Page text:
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New Warning System for Events that Pose a Risk to Aviation Safety

The goal of ALARM, a European R&D&I project managed by the Universidad Carlos III de Madrid (UC3M) is to design a system that is capable of tracking and providing early warnings regarding natural events that pose a threat to aviation safety.

Image Credit: Universidad Carlos III de Madrid.

Besides enhancing flight safety, this system also seeks to reduce the effect of aviation on climate change.

Forest fires, volcanic eruptions, electromagnetic radiation from the electrical storms or Sun, and sandstorms come under the phenomena that might pose a threat to air traffic safety and will be studied in the framework of this project.

Serious damage can be caused to aircraft if smoke, dust or even sea salt are ingested by engines, due to both the erosion and corrosion they cause, and possible obstructions, or because they affect in-flight combustion.

Manuel Soler, Researcher and Project Coordinator, Department of Bioengineering and Aerospace Engineering, Universidad Carlos III de Madrid

Volcanic ash and gases, such as sulphur dioxide, are also important hazards, causing abrasions to windscreens, corrosion to engines, and different damage to aircraft systems and instruments, while electromagnetic radiation from the Sun can interfere with aircraft communication systems,” added Soler.

The ALARM project involves technologists and researchers from the United Kingdom, Italy, Spain, Belgium, and Germany, who consider that the environmental effect must be treated as a further risk.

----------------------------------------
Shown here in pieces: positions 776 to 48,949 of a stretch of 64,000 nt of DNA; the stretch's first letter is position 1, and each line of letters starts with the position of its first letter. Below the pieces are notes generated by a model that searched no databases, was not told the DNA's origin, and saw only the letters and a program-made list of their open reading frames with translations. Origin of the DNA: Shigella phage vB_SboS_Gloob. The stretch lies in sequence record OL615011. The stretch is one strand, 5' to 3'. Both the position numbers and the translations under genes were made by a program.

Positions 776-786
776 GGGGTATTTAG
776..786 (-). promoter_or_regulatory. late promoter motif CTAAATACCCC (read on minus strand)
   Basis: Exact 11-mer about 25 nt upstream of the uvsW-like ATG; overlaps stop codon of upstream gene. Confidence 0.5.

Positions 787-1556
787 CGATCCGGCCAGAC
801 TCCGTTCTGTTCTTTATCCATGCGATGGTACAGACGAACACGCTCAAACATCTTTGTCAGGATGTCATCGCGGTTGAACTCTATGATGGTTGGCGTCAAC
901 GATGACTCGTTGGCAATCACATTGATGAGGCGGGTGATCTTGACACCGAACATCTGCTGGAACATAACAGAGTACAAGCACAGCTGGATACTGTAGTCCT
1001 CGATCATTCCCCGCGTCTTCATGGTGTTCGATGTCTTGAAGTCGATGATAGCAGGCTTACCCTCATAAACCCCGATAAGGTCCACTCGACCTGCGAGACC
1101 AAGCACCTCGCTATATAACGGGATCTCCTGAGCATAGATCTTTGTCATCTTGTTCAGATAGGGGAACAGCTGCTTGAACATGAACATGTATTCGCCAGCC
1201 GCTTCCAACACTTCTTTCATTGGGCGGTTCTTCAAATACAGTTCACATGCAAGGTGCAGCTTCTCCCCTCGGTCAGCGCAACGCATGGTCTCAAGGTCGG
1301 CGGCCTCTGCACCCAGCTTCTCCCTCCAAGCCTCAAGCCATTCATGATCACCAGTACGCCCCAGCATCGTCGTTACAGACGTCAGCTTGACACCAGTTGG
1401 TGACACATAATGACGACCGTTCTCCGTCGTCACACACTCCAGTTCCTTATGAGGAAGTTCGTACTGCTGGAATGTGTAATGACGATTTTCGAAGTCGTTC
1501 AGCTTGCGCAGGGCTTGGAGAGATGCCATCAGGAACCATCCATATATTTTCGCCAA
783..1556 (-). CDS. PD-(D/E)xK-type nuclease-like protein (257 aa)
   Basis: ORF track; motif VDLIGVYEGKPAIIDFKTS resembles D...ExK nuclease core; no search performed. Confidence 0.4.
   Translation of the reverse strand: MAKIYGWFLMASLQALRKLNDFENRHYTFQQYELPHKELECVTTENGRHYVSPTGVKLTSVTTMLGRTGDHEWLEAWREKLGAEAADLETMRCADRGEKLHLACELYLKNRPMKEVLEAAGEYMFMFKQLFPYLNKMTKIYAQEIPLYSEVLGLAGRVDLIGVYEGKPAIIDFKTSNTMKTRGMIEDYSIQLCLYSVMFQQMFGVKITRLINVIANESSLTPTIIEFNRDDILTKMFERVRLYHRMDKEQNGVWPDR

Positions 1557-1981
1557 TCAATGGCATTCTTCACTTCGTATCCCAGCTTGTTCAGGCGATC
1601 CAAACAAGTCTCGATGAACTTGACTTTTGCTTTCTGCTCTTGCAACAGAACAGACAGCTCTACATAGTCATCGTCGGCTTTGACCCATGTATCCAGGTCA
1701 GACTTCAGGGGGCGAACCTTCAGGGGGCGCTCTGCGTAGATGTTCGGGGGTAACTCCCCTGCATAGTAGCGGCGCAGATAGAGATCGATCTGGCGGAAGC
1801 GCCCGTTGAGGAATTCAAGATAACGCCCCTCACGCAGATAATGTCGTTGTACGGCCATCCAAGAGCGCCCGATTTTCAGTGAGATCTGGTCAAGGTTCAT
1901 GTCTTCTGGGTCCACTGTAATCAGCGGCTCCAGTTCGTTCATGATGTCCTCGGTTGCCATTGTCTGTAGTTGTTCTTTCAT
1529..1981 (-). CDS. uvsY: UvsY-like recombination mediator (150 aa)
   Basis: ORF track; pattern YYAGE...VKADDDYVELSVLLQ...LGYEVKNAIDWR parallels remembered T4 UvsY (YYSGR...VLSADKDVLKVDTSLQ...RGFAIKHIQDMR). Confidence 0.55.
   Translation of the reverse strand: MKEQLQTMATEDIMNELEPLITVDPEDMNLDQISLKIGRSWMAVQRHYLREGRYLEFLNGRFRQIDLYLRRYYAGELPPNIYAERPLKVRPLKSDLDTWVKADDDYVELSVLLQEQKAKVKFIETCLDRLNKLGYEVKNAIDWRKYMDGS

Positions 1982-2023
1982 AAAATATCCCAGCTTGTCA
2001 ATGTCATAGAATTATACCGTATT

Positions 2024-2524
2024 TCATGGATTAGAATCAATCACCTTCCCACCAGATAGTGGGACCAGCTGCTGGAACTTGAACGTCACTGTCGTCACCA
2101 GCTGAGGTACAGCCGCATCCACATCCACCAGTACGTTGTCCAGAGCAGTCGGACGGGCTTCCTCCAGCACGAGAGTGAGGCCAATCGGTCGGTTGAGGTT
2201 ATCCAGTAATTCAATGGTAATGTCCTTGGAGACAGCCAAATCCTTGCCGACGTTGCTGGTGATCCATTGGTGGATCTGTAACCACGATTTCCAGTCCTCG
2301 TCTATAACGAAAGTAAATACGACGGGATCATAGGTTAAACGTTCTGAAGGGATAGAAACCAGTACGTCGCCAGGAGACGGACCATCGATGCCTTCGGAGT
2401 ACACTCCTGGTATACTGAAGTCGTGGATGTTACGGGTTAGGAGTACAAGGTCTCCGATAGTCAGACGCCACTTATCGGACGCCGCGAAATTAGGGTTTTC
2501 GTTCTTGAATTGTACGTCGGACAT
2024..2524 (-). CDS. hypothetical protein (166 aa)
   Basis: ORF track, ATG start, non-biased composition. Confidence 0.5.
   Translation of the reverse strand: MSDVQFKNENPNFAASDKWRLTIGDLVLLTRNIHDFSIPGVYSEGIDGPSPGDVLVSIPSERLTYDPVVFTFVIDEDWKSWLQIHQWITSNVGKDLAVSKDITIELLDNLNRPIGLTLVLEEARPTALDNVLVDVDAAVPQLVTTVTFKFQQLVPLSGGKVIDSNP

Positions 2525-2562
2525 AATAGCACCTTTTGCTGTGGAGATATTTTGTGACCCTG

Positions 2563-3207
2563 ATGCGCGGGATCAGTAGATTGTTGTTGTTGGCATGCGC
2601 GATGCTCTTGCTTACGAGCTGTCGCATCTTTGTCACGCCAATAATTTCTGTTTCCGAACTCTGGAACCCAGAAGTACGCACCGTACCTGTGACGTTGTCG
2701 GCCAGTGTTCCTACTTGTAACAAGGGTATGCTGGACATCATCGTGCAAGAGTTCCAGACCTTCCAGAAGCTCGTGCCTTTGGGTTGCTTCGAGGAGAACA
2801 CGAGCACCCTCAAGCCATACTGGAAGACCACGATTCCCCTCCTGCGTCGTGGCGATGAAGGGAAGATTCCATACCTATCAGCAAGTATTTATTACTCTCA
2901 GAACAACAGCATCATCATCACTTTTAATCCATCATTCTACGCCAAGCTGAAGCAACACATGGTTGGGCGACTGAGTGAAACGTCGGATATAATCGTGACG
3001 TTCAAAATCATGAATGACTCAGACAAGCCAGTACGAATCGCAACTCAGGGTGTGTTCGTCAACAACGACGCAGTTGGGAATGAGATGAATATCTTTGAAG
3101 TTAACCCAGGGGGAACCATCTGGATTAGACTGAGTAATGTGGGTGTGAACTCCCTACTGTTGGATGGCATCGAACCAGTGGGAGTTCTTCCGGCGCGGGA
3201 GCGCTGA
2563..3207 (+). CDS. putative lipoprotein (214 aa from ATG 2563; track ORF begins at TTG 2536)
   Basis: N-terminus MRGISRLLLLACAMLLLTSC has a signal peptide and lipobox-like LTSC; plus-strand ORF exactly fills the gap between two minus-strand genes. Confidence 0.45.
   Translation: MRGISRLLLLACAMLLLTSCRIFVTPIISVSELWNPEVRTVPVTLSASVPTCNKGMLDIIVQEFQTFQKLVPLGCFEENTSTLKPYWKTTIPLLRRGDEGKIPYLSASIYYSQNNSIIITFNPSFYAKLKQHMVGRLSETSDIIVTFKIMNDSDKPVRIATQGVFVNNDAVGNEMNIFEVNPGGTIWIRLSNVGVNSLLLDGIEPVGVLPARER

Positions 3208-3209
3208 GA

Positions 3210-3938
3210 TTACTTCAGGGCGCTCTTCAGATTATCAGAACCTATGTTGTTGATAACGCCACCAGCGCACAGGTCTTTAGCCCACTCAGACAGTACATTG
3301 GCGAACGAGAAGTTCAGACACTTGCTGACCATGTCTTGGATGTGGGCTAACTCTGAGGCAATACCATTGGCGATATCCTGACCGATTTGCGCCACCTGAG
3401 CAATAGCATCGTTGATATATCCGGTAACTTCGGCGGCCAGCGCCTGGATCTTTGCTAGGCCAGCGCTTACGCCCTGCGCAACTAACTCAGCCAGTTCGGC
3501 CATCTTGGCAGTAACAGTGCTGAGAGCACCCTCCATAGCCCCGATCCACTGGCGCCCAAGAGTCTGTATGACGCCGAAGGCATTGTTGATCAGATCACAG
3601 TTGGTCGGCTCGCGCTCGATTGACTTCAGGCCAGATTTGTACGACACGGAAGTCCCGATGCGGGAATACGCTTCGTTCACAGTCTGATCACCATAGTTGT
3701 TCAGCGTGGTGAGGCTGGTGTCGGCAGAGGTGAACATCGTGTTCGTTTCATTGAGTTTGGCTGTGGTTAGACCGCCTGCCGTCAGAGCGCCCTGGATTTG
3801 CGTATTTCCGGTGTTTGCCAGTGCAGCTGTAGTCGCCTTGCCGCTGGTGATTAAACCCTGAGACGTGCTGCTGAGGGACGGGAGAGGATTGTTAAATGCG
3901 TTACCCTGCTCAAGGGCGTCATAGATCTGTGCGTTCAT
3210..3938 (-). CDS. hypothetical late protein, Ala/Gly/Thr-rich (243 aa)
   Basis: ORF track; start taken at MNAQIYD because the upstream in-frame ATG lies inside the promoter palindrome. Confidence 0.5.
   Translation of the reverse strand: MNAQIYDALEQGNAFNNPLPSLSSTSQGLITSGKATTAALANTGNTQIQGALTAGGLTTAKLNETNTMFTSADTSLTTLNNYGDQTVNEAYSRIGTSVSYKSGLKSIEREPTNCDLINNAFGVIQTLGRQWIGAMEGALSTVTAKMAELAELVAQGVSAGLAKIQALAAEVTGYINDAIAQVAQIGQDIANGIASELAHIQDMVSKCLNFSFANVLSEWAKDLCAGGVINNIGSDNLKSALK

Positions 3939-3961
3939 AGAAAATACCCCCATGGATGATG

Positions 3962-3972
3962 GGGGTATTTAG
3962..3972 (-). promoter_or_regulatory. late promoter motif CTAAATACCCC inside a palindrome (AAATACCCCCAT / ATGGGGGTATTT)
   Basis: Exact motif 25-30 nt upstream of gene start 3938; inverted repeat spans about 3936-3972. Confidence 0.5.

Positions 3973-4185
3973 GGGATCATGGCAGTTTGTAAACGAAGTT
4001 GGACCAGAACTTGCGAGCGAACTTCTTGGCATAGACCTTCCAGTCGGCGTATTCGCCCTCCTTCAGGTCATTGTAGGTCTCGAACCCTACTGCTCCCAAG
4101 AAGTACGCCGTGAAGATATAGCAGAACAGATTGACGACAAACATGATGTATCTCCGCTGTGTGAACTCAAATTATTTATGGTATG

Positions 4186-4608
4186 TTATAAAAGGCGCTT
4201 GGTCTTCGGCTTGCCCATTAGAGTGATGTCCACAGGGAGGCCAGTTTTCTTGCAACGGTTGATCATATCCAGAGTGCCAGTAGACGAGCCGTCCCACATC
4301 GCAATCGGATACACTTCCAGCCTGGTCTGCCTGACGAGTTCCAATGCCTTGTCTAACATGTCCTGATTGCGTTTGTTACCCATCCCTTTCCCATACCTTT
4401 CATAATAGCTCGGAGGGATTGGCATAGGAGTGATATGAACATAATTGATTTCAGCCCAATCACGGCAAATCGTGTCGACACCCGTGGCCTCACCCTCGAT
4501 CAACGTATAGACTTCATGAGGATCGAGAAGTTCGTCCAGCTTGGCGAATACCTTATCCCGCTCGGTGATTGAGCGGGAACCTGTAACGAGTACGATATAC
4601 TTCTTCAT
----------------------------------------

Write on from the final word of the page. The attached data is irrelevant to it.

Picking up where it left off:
One of the ALARM project’s key ambitions is to produce overnight predictions of potential hot spots, meaning areas with high potential in terms of their combined carbon dioxide (CO2) emissions and other emissions that affect climate change.

Manuel Soler, Researcher and Project Coordinator, Department of Bioengineering and Aerospace Engineering, Universidad Carlos III de Madrid

This warning system would create a data service that comprises crucial points and areas that aircraft should prevent to decrease the impact that flights have on global warming, which can take place, for instance, and in a highly visible way, when airplanes produce the purported contrails (the linear trail of clouds that few planes leave behind under some weather conditions).

The goal of the project is to make a prototype that can integrate an extensive range of atmospheric data gathered by satellite and terrestrial observation systems. It will integrate all of this with the help of artificial intelligence algorithms to enhance the predictions that are utilized at present.

This system will create alerts that will be shared via aeronautical communication channels, so that controllers, pilots and other players in the aeronautical sector can access this information quickly in the event of an emergency.

Project Researchers, Universidad Carlos III de Madrid

The ALARM (multi-hAzard monitoring and earLy wARning) project, which will be in progress until the end of 2022, receives financial support from the EU’s Horizon 2020 Program (GA 893204) and is one of many projects within the research and innovation portfolio that is controlled by SESAR Joint Undertaking.

The project has been managed by the UC3M and includes collaborators from five European countries: the Royal Belgian Institute of Space Aeronomy (BIRA-IASB), the German Aerospace Center (DLR), the University of Padua (Italy), and two small aeronautical companies: SYMOPT (Italy) and SATAVIA (United Kingdom).

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